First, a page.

One of the first things one realizes when visiting beautiful, European countries, where they don’t speak English, like Milan certain words give your peace and relief because they’re the same; radio is one of those words. There are over 60 countries represented here and most if not all call radio, “radio.” How’s that for sense of global community?

Radio City

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As a warm gesture to Radiodays Europe and to help unite Milan’s radio community all the radio stations are working together and broadcasting from La Fabbrica del Vapore. It was the brainchild of Radio2 RAI morning host Filippi Solibello who was also the lead campaigner to attact RDE to Milan. He will be on the Radio Stuff Podcast this week. Here are some photos of the Radio City.


Milan Radio City

Just like everywhere else radio remotes vary in size and quality.

Radio Battle

Solibello also has created the first European Radio Championship: Radio Battle. He would host  one hour show from Milan and two radio hosts from other countries would compete in a live simulcast from their studios and the battle was about music and the way the DJs presented it. Listeners would vote on twitter. He calls it the “gamification of music radio.” He’s hoping to bring it to the U.S. and Canada soon.

Radio is a Performance

This station was entertaining crowds with a DJ spinning records while a saxophonist and drummer accompanied live on stage. Watch this.

 

Elvis is ALIVE! Kasem not so much

I spotted this display on the trade room floor from Premier Radio and Futuri. Notice the sign with Ryan Seacrest, Elvis Duran and Casey Kasem. I’m not sure I would include Kasem in my top three talent who symbolize the future of radio. I’m just sayin’…

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Innovation

BBC Director Helen Boaden addressed the conference last night. I write about it in Talkers.com today. One point she made that resonated with me that I want to share here is this.

“We must never forget that at the heart of our success, if we’ve got a future, has got to be great content. And great things is two things I think in radio. It’s firstly the everyday. Radio offers great comfort and habit and sometimes we take those things for granted, but in a fast changing and confusing world there is a very profound human need for reliability, regularity and yes — comfort and humor. But, the everyday is no longer enough if you’re going to get attention so it is really important for you to create for your audiences whatever technology they use wonderful events that they remember.”

Swag?

At all of these conferences you end up with a bag full of fancy advertisements and I certainly I have that. But I also received this. Not sure it’s my color.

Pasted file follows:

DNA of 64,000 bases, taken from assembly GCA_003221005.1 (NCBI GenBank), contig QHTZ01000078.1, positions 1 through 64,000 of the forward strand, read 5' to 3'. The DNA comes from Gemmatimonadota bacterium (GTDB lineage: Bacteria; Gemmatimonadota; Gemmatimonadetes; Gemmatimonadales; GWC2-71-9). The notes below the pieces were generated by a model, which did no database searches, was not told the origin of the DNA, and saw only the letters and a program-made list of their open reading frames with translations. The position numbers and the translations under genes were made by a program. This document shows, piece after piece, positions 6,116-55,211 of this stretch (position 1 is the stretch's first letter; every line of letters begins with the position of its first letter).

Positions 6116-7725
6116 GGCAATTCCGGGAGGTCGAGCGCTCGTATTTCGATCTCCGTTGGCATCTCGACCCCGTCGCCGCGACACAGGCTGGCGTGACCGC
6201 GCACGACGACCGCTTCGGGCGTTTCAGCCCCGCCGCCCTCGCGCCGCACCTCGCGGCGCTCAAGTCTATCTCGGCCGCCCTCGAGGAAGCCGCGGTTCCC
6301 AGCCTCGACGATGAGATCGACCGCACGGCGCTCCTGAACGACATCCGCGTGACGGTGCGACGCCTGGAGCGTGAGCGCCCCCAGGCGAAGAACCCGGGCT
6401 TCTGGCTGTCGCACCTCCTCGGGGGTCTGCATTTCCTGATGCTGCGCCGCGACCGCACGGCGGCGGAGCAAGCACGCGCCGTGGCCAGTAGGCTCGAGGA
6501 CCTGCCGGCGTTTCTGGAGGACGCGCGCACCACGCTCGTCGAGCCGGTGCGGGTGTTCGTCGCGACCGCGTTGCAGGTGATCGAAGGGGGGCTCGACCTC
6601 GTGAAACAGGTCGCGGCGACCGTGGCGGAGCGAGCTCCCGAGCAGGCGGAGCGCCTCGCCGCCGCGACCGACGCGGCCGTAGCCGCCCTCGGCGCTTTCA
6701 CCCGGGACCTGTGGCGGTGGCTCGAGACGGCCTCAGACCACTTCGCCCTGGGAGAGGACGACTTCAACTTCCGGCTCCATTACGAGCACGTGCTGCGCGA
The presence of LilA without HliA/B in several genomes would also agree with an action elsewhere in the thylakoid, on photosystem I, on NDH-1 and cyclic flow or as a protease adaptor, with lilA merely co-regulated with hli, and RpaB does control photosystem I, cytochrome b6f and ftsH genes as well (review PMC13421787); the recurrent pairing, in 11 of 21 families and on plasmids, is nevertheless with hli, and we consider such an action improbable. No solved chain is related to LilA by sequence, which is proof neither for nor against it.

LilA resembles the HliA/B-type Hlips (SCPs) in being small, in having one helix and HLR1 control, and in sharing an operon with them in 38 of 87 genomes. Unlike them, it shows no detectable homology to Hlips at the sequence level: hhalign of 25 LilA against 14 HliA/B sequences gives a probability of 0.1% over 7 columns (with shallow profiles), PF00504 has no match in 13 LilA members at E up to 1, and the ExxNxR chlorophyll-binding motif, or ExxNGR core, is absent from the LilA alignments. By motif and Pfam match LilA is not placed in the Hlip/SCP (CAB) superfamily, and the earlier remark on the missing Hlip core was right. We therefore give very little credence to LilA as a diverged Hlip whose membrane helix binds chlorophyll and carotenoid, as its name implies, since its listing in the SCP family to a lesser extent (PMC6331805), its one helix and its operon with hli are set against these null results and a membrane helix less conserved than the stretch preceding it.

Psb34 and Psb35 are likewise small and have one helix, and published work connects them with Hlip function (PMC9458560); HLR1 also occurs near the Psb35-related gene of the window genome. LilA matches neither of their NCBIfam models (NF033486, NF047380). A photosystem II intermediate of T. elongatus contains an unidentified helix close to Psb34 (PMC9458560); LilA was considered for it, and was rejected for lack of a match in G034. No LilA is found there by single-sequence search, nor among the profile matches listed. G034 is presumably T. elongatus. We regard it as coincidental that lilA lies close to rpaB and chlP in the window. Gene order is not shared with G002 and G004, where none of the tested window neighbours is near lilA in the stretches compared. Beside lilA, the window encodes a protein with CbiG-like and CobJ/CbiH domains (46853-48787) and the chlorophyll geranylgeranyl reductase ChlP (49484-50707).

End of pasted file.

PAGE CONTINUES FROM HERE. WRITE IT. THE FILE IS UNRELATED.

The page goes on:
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Ciao for Now

Day two highlights to come. Follow along on twitter #RDE15.

Subscribe to the Larry Gifford Media “Radio Stuff” email and each Tuesday you’ll receive an email with all sorts of stuff about radio. Sign up here.

FOR ONE DAY ONLY; ELVIS WILL BE IN THE BUILDING

elvis-duran1Elvis Duran, one of America’s most popular radio personalities, is a headliner at this year’s Radiodays Europe in Milan, Italy (March 15-17, 2015). Duran will take the stage and pull back the curtain on the Z-100 Morning Show which is based in New York and heard in 70 markets across the country.

Duran is excited for the opportunity, “I’m honored to be participating in this event. This is a great chance to show how connected we all are through the power of radio.”

Joining him on stage is the Vice President of Talent Development for iHeartMedia, Dennis Clark. Dennis’ role is to nurture the best and most talented radio people in the industry and he works directly with key radio personalities, such as Duran and Ryan Seacrest. They’ll discuss how to create a show that consistently delivers huge audiences, and will reveal the ingredients that makes Elvis Duran the most listened to Top 40 Morning Show in the states.

GIFFORD HEADS TO MILAN, TOO

In a much lower-profile billing, I will be a workshop leader on Sunday (“Fast & Furious”) and co-presenting a session on Tuesday (“30 Ideas in 45 Minutes”). In addition, I be blogging here and on Airchecker.com, filing exclusive reporters for Talkers.com, recording the Radio Stuff podcast in Milan, tweeting whenever possible @giffordtweet, @theradiostuff and facebooking on the Larry Gifford Media page.

RELATED: Radiodays Europe founder and manager Rolf Brandrud featured on the Radio Stuff Podcast

BUT, WAIT! THERE’S MORE

I’m excited that the U.S. radio industry will be well represented this year’s. Here are just some of the other notable U.S. presenters and workshop leaders making the pilgrimage to Milan March 15-17.

  • Anna Sale, producer at WNYC, is leading a session on “Death, Sex and Money; How to Start and Succeed with Podcasting.”
  • David G. Hall, media strategist, is presenting a session titled, “Five Simple Tools to Make Your Show Better.”
  • John Vorhaus, creative consultant, is leading a workshop on “Your Radio Brand” and presenting a session on “How to be Funny When You’re Not.”
  • Steve Jones, music industry veteran, is hosting the session, “Be Like a Rock Star!”
  • Larry Rosin, Edison Research, is diving deep into the “Stream Battle.”
  • Marty Garrison, VP Technology for NPR, is co-presenting “What if Technology Was Your Best Friend After All.”